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Re: Every night, Jon and his brothers randomly determine the sch [#permalink]
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Siddharth108 wrote:
Bunuel wrote:
Every night, Jon and his brothers randomly determine the schedule in which they will get to use the shower in the morning. How many distinct schedules are possible?

Sat there are n brothers including Jon. The number of distinct schedules would be n!.

(1) The probability that Jon will be first or last is 40%. The probability that Jon will be first is 1/n and the probability that he'll be last will also be 1/n. Thus we have that 1/n + 1/n = 0.4 --> n = 5. Sufficient.

(2) There are 48 ways Jon could be first or last. {Jon}{# of arrangements of other brothers} + {# of arrangements of other brothers}{Jon} = 48 --> (n-1)! + (n-1)! = 48 --> (n-1)! = 24 --> n = 5. Sufficient.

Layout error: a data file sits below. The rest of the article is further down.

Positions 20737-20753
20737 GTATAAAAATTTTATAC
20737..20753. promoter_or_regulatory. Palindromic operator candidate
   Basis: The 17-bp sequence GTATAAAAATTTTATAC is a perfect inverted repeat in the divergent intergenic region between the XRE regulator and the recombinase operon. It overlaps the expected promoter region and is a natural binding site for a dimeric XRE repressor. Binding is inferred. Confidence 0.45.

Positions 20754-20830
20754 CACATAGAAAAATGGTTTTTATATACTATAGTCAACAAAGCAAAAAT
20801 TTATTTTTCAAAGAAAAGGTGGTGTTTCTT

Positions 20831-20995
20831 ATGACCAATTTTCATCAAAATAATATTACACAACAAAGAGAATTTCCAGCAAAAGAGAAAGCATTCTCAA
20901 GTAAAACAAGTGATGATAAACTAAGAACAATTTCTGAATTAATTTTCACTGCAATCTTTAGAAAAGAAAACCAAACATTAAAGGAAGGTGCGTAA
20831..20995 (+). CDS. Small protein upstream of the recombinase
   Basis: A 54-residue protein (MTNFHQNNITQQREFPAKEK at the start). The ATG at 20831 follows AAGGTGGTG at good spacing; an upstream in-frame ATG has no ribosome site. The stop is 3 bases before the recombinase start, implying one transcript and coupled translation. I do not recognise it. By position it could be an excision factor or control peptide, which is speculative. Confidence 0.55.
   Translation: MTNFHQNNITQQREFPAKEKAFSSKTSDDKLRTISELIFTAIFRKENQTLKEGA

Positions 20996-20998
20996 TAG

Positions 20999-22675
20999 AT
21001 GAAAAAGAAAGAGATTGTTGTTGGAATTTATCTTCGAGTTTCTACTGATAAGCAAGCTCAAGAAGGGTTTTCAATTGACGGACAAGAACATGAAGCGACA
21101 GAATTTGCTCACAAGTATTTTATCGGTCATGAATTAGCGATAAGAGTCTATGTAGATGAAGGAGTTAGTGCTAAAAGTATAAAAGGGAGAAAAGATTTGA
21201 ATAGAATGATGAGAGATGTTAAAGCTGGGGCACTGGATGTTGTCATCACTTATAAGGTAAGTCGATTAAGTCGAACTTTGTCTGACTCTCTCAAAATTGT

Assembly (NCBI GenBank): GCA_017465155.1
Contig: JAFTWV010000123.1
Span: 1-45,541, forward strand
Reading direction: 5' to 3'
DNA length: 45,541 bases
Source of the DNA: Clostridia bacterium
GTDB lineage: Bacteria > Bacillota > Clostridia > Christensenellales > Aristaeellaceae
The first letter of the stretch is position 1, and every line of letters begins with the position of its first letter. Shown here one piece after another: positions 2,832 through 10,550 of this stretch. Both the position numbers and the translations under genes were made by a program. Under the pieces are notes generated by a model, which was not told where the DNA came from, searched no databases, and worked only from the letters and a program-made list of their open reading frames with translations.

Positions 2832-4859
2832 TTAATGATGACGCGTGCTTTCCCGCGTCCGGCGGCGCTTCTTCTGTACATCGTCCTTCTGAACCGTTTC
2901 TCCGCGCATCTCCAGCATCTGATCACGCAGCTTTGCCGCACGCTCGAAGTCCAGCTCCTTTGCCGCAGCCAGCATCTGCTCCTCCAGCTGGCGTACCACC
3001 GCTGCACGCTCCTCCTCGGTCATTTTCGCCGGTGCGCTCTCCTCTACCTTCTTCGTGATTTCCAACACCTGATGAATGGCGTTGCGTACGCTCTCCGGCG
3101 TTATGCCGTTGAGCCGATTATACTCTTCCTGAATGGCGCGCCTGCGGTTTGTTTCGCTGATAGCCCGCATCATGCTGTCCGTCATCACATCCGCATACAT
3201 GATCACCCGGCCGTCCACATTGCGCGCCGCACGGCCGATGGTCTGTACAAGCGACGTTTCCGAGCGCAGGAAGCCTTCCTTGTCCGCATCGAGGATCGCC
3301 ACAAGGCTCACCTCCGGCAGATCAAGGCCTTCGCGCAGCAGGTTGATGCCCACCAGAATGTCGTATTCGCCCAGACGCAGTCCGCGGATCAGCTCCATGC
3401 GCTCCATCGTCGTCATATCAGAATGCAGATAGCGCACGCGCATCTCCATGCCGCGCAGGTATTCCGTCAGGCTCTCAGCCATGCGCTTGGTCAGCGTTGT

Answer: D.

Hope it's clear.



Hi Bunuel,

Could you please explain Statement (2)? How did (n-1)! + (n-1)! equal to 48, i.e. the number of ways Jon could be first OR last?

Thank you.


If Jon is first, then n-1 his brothers can be arranged in (n-1)! after him and if Jon is last, then n-1 his brothers can be arranged in (n-1)! before him.
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Re: Every night, Jon and his brothers randomly determine the sch [#permalink]
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Re: Every night, Jon and his brothers randomly determine the sch [#permalink]
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